There is a little goof that Melissa Anderson makes in this episode when she's referring to the men that she's working for. The men are Mr. Hobbs and Mr. Dankworth, but she calls them Mr. Dankworth and Mr. Dobbs!
Charles says that the Civil War has only been over for 11 years when he expresses his concern to Mary over Miss Beadle's intent to teach on it. That would make this episode take place in 1876 (since the war ended in 1865). Laura Ingalls was born in 1867, two years after the end of the war. If this episode takes place in 1876, she should only be nine years old, which she is not--she is about 11 right now. Another problem is over a year ago, Walnut Grove was celebrating our country's centennial.
The house that Frank and Jesse are renting is Mr. Pike's from Haunted House (ep #29)
Doc Baker: I'm told you have a sick man here. Dankworth: Yes, sir, my partner has swamp fever. Uh, it's an old, familiar problem; ain't no trouble at all. Doc Baker: It's no trouble? Mr. Ingalls mentioned some accompanying convulsions, and that just doesn't sound right. I think he should be examined. Dankworth: Well, I don't plan to argue medicine with a doctor; the fact is, I've wanted him to be examined all along, and I still do. Doc Baker: Well, then. Dankworth: Well, see, that brings up a little controversy. You see, Mr. Hobbs has an unreasonable distrust for doctors, and, uh, I can't seem to talk him out of it. Why, the only way he'd let a medical man within two feet of him is for me to bound him hands and feet and then sit on him!
Mary: (ending narration) The James brothers made good their escape and none of us ever saw them again; except Bobby Ford, who would see Jesse on another day, his last day, six years later.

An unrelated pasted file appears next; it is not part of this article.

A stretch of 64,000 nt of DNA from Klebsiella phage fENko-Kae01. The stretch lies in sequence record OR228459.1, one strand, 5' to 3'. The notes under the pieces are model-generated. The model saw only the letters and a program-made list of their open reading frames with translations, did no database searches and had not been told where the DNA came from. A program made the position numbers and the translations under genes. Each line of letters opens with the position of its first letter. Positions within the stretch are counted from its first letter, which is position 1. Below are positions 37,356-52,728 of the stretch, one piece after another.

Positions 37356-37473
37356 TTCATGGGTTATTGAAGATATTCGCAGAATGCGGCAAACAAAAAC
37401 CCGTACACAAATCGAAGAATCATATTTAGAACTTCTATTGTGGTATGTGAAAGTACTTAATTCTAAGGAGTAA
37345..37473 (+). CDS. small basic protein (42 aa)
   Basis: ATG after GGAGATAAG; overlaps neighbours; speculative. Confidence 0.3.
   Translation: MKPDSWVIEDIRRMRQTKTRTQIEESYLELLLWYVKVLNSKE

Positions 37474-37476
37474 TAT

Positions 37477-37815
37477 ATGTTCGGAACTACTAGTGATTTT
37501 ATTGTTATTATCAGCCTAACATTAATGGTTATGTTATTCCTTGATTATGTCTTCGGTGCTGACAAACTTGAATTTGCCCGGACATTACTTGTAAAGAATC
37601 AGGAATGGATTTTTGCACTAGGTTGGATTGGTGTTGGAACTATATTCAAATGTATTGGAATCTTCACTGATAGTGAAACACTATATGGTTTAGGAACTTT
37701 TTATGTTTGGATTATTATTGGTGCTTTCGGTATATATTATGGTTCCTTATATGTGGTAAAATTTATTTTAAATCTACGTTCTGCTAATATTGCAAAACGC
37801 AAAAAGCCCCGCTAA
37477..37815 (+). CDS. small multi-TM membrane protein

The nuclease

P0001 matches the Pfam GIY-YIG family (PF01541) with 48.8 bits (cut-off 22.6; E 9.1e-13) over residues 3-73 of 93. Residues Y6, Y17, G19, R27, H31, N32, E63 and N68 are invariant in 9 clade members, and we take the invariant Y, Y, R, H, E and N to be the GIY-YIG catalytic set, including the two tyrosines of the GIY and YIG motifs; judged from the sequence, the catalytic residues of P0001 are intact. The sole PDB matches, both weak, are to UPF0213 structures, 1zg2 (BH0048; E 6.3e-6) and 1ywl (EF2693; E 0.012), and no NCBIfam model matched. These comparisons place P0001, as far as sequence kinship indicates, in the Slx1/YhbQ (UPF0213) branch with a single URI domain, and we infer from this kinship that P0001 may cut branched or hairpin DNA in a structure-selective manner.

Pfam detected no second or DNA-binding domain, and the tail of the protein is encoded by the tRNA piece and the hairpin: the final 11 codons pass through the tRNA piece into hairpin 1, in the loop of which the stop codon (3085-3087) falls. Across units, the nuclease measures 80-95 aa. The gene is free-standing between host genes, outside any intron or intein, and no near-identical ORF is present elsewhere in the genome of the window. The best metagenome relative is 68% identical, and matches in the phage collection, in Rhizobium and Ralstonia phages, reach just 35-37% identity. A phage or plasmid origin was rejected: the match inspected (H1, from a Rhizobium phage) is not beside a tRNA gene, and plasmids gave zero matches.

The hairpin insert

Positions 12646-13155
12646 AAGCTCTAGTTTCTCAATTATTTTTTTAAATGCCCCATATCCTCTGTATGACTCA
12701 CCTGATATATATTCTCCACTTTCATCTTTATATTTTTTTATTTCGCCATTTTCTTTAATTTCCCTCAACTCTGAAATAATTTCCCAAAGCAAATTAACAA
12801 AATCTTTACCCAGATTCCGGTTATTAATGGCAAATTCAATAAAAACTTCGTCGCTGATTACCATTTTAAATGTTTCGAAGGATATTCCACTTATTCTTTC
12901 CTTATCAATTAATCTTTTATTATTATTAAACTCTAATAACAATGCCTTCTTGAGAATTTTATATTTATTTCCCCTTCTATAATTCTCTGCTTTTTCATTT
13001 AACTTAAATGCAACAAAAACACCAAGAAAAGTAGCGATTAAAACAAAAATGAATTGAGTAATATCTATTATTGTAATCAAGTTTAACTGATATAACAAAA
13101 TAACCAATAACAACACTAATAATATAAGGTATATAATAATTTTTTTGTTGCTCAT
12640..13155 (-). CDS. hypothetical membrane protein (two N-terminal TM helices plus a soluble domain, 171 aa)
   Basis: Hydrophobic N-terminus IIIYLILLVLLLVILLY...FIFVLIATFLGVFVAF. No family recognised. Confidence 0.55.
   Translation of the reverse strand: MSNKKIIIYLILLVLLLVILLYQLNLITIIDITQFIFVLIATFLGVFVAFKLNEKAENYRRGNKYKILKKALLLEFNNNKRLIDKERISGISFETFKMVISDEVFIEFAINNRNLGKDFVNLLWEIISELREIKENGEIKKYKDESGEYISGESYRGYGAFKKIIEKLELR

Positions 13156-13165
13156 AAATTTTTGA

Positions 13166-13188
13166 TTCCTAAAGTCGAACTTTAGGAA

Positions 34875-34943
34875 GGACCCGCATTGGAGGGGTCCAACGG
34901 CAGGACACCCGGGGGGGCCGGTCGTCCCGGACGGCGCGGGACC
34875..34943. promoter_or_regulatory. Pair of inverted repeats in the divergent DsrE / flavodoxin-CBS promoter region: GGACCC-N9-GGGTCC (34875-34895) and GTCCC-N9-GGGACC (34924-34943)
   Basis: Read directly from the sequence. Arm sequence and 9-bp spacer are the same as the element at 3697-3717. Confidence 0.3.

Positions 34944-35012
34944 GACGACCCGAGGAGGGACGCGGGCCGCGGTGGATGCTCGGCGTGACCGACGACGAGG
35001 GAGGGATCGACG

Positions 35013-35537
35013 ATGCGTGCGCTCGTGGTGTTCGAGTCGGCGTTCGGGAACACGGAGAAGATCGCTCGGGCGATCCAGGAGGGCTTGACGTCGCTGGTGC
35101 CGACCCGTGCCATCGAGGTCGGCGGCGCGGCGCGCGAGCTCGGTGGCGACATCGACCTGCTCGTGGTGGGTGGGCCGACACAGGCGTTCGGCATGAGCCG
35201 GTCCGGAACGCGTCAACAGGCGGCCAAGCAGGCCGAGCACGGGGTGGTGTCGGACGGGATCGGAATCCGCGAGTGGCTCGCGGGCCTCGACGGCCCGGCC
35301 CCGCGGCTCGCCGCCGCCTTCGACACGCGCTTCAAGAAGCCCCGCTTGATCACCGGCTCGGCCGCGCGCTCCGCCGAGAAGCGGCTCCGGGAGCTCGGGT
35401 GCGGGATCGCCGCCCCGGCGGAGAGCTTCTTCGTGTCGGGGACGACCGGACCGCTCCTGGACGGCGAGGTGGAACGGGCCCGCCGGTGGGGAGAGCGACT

Melissa Sue Anderson, who played Mary Ingalls, has said in previous interviews that she really enjoyed these self-described "rugged western" types of episodes, as opposed to the lighter, fluffier stories that were used for many episodes. She says she liked both types, but episodes like this were especially fun for her.
John Bennett Perry is the father of renowned Friends actor Matthew Perry. He was well known in the late 1970's and early 1980's as the handsome face of Old Spice men's after shave.
Veteran character actor Michael Conrad, as lawman Broder, is perhaps best known for playing Sgt. Phil Esterhaus in the long-running cop drama "Hill Street Blues". As roll sergeant, he ended each morning's officer meeting with the phrase that became a 80's pop-culture sensation: "Let's be careful out there."
The episode, though fictional, is based on the real James brothers. But, the actors cast were patterned after the actors who played Butch Cassidy & the Sundance Kid in the 1969 movie.